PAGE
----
Here's another example: the chances of any of our children being abducted, are, statistically speaking, infinitesimally small. If anything, less children are routinely abjucted now than at any time in our past. But our fear of the possibility of abduction means that our children are prevented from playing in the woods, or along the sea-shore, as we used to at their age.
I could go on. In almost all the areas of fear that our society has - fear of the stranger, fear of excessive immigration, fear of crime, fear of teenagers, fear of being poor, fear of the dark...in almost every area, the Bible offers us a completely different way of looking at things. Peter says, "Do not fear what they fear" - and in doing so echoes the much earlier writings of the prophet Isaiah. Here are his words, from hundreds of years before Peter: "...the Lord spoke thus to me...and warned me not to walk in the way of this people saying: Do not call conspiracy all that this people calls conspiracy, and do not fear what it fears, or be in dread. But the Lord of hosts, him you shall regard as holy."
We are encouraged by this letter to stop taking our cue from public opinion, but to take our lead from Jesus. We are encouraged to follow in the footsteps of the Lord who, as Peter says in verse 18, "was put to death in the flesh, but made alive in the spirit" and who, in verse 22, "has gone into heaven and is at the right hand of God". This is the same Jesus, now risen and glorified, who reached out to Samaritans and Romans - who were the enemies of the Jews, and the immigrants of his day. This is the Jesus who was unafraid to touch the sick and the poor; who did not fear what society feared.
So this is my final sermon to you - the final encouragement I would offer: never forget whose children you are. Never forget who purchased your salvation by his blood. Never forget that you are citizens of heaven, who also happen to live on earth. To quote St Paul, from his letter to the Romans, "Do not be conformed to the standards of this world. Rather, be transformed by the renewing of your mind."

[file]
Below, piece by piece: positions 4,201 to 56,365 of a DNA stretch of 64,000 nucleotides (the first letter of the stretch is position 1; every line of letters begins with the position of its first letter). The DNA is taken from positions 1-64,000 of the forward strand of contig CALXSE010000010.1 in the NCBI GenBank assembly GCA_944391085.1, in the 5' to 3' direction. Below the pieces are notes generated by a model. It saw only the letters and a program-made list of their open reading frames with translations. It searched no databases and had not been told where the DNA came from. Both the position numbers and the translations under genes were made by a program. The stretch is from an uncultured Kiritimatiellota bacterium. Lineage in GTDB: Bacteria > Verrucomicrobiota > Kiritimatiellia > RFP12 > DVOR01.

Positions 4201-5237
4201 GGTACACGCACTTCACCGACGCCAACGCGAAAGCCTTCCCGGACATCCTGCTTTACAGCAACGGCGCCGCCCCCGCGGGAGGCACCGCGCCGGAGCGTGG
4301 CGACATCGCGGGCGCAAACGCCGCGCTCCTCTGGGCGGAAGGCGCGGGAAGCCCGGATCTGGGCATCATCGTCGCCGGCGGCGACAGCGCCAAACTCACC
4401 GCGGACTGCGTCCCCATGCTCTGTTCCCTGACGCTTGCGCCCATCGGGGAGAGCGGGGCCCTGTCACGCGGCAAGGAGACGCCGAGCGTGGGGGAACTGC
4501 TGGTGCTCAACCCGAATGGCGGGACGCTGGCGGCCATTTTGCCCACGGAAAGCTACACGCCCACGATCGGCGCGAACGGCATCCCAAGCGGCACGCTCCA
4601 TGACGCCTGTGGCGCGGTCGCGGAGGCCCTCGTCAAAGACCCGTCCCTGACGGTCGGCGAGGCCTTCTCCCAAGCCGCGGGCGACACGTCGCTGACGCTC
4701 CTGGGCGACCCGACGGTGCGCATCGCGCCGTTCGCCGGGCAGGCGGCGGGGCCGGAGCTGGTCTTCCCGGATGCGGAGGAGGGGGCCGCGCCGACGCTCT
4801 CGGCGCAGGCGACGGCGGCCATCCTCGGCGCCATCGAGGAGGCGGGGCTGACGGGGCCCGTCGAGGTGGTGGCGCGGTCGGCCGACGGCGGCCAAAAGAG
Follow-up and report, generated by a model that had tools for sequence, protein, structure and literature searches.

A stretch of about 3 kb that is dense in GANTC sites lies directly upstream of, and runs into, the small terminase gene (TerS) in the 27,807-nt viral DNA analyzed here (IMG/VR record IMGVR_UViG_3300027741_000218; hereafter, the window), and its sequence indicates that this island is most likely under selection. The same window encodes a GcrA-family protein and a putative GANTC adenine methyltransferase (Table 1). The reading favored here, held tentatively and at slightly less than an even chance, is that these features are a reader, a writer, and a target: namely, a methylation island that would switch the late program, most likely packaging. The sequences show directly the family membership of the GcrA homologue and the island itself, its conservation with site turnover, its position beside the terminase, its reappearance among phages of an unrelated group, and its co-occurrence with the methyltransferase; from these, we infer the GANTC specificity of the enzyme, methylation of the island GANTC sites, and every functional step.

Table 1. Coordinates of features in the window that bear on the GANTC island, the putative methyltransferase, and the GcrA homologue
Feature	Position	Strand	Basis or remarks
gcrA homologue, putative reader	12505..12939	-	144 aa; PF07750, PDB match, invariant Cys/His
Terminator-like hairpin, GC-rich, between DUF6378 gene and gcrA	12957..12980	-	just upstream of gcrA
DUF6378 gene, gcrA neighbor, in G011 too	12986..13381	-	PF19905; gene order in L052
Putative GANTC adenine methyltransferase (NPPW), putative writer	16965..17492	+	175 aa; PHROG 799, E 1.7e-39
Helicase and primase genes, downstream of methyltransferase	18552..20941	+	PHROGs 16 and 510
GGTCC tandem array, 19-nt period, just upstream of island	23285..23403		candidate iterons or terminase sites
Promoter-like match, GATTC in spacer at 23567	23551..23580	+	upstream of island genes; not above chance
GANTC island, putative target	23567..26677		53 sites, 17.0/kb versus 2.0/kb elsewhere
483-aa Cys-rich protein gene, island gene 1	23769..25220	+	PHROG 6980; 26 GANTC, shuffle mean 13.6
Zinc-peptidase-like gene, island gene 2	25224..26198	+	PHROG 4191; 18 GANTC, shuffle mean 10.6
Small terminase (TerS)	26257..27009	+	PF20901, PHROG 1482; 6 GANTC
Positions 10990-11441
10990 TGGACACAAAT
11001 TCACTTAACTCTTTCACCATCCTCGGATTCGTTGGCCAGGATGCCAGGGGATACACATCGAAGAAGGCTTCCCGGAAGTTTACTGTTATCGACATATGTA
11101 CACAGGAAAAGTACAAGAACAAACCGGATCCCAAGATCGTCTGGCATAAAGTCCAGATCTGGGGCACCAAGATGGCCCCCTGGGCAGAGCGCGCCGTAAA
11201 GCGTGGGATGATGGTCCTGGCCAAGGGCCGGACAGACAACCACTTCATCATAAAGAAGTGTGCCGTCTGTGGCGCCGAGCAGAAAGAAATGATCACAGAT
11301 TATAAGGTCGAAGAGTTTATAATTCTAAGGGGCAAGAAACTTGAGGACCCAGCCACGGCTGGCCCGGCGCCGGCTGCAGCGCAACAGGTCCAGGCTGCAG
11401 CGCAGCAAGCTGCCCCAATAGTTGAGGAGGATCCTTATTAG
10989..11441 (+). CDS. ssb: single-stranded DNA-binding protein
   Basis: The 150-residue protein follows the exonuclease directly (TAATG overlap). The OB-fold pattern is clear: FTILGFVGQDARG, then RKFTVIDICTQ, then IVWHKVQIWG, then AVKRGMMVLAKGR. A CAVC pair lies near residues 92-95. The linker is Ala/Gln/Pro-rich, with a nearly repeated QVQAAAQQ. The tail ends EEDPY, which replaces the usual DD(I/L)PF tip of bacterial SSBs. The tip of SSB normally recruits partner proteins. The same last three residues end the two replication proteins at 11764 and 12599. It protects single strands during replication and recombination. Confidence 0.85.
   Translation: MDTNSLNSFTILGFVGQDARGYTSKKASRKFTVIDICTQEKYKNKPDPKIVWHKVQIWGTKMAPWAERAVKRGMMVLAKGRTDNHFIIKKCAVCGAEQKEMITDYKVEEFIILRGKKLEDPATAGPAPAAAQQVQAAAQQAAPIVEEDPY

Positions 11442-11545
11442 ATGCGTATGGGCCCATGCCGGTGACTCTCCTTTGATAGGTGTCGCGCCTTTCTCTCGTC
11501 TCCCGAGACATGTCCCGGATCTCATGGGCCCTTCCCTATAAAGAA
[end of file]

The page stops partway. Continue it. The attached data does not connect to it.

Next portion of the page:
The call of Jesus, which I shall try to follow in North End, and which I hope you will try to follow here after I'm gone, is to go on, continuously, being transformed and transforming. You have been called to be a son or daughter of God - and brother or sister of Christ. He offers you an entirely different way of looking at the world...and he calls you to be part of the world's transformation...to be salt and light to the world.
Jesus offers us a way of trust, instead of fear. He offers us the security of eternity with him, rather than the transient security of owning stuff here on earth. He offers us the way of peace, instead of war. He offers us the way of love, instead of hate. He offers us the way of forgiveness instead of resentment and bitterness. He offers us the way of life instead of death.
This, as I've often said from this pulpit, is the heart of the topsy-turvy Kingdom of God. We serve a King who rides on a donkey. A Lord who was born in a stable, the dead-man who came to life. Just about anything that our world considers normal and desirable...wealth, fame, safety, are all shown up by the light of the topsy turvy gospel to be the hollow shams that they are. He who seeks wealth will lose it. It will be taken from him on the day he dies. She who seeks fame will be destroyed by it...hounded from morning until night by public opinion. He who seeks safety will end up closing himself off from every other human being behind gated communities and security cameras - and will grow in bitter resentment towards every one, every nation, every foreigner who he sees as a threat to his illusion of safety.
But she who seeks love, will find it - in Jesus, and among his people. He who seeks to give things away, will receive a hundredfold in return in terms of the sense of peace and fulfillment that can only come when we hold onto things lightly. She who seeks to give herself to others will receive back friendship and companionship that will last for eternity.
So that's it - my parting shot. Do not fear what they fear. Be transformed, and be transforming.
And may God bless you all, richly and without measure. For ever.